LPS 001: INTRO LAW, POLITICS, AND SOCIETY, 3 credit hrs.
Introduction to the systems, practices, and intersections of law, politics, and society, as well as the various scholarly approaches to the study of those systems, practices, and interactions.
LPS 002: CRITICAL CONCEPTS IN LPS, 3 credit hrs.
In this course, students will be introduced to the critical concepts underpinning the study of Law, Politics, and Society. Students will engage in learning about concepts such as ideology, justice and injustice, jurisprudence, globalization, inequality and equality, community, authority, legitimacy, and individualism. Students will also engage in the study of concepts key to understanding the workings of the major; they will learn about intentional interdisciplinarity, critical analysis, the perceived "law/politics divide," comparative and historical research, and the idea of paradigmatic transition.
LPS 035: SPECIAL TOPICS IN LPS (Lower Division), 3 credit hrs.
Units of study focusing on introduction to special topics, debates, and issues within the field of Law, Politics, and Society.
Current Topic Offered:
Law and Borders of Belonging
Who is fully American? What happens to people who are not fully American? Often, law has provided the vocabulary for asking these questions, and defined the consequences for the answers. This course focuses on times and places when law has sometimes been a force for injustice in American history. We will pay particular attention to discrimination against people due to their gender, disability status, sexuality, and race. We will also discuss the ways law is both informed by and helps create ideas within American culture more broadly.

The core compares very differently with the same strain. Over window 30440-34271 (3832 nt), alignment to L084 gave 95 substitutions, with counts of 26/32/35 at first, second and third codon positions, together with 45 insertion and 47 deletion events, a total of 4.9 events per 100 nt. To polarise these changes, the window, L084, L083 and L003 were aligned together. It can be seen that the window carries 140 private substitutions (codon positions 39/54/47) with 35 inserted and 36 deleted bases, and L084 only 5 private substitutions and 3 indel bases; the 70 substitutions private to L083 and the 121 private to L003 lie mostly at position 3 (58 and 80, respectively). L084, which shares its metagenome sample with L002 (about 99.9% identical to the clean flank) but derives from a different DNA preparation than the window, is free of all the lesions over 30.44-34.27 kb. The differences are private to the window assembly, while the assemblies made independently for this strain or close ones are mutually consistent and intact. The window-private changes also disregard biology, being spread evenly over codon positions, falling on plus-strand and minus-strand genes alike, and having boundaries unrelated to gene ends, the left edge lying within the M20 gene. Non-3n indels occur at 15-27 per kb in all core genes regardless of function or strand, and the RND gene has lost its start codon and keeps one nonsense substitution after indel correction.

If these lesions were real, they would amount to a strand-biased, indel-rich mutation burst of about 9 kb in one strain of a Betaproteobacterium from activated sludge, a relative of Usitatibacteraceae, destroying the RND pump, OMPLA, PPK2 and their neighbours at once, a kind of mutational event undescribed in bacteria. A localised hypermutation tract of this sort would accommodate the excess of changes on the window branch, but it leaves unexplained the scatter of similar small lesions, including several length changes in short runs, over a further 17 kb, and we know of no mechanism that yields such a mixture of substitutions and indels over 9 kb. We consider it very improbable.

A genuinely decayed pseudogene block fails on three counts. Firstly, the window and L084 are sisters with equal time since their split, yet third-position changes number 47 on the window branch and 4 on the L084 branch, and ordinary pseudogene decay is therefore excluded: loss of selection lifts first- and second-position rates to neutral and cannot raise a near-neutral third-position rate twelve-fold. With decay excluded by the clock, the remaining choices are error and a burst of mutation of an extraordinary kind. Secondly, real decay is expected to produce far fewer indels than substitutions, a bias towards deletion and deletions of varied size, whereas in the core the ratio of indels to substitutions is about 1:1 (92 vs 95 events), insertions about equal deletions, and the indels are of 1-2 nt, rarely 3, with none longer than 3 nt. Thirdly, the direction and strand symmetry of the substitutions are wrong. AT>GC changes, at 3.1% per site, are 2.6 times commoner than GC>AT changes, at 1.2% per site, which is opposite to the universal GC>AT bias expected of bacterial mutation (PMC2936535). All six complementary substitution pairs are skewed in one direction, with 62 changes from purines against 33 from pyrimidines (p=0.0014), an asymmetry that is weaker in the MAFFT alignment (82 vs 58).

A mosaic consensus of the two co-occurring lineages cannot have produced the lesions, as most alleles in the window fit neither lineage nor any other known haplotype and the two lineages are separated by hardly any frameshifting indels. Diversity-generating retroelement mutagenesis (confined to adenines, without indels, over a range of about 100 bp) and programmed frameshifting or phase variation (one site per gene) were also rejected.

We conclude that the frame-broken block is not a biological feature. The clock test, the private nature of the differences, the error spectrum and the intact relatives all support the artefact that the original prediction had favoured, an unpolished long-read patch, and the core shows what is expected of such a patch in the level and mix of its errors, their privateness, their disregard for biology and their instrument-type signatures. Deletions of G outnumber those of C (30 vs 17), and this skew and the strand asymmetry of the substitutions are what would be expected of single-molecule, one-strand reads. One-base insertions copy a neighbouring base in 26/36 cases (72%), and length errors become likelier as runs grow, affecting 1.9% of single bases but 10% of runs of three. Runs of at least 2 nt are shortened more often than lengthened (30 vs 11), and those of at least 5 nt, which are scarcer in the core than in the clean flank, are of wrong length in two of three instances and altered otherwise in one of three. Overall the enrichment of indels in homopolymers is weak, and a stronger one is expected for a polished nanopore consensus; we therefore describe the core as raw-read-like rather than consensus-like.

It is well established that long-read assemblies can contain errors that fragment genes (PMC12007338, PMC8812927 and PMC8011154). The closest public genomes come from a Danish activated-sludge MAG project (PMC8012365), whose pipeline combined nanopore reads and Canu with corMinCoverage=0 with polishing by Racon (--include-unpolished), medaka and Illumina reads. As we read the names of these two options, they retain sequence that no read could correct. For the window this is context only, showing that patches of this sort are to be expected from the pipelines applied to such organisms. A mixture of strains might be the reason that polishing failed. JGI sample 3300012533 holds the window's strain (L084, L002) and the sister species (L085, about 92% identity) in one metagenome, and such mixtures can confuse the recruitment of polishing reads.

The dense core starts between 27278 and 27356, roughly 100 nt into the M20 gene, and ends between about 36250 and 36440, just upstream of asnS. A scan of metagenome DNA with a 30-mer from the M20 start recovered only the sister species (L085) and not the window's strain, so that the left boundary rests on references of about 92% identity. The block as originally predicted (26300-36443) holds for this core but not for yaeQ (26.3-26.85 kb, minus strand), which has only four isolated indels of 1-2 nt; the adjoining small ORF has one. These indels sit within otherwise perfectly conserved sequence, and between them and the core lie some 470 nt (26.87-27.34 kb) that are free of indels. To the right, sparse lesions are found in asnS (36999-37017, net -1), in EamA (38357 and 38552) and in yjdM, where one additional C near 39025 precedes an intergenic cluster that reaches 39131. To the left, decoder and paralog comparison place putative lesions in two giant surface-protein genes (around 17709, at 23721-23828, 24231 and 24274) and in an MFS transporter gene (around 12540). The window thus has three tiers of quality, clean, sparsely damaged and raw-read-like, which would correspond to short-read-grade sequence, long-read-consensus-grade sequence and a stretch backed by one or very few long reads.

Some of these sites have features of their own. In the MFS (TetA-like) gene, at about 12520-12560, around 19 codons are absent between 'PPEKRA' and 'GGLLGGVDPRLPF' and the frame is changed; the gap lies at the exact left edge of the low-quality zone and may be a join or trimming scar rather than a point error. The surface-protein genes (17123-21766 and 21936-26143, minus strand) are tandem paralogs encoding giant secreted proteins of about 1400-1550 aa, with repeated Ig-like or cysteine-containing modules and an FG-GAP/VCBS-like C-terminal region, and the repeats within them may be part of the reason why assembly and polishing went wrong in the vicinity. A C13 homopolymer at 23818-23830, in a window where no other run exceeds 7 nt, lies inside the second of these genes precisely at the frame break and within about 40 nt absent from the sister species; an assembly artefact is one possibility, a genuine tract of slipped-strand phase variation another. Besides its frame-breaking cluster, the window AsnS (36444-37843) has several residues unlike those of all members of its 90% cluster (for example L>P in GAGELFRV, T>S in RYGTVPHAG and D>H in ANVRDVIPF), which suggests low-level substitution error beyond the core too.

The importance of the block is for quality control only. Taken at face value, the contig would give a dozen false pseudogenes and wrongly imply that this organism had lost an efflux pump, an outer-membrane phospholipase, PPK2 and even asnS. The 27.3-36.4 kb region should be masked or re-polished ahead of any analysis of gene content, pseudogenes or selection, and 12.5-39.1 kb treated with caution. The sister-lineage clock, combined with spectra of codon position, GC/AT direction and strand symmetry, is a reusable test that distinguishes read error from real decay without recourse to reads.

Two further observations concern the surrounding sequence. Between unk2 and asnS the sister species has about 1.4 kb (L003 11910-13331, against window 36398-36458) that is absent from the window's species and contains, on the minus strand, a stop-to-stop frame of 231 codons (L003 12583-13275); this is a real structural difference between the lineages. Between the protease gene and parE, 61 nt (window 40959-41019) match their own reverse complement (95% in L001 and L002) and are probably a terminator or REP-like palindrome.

LPS 040: PUBLIC TRIALS, 3 credit hrs.
This introductory course examines widely reported and sensational trials as public performances of law. The course considers such trials as a significant form of public discourse by studying controversies surrounding the reporting and representation of trials, issues that arise in and through popular trials, as well as the dynamics of the trials themselves. In a broad sense, the course is about the meanings of law in American society and about the definitions of American society revealed in legal disputes.
LPS 100: LPS PERSPECTIVES IN CONSTITUTIONAL LAW, 3 credit hrs.
This course uses case law as a jumping off point for the application of interdisciplinary knowledge. In it, students examine particular strands of United States constitutional law, using historical, journalistic, political science, sociological, and other disciplinary modes to understand the development of doctrine over time, and the impact of law on public life. Required for majors.
LPS 135: SPECIAL TOPICS IN LPS, 3 credit hrs.
Units of study focusing on special topics, debates, and issues within the field of Law, Politics, and Society. Prereq.: LPS 001 or permission of instructor.
Summer 2016 and Spring 2016 Topics:
On the Docket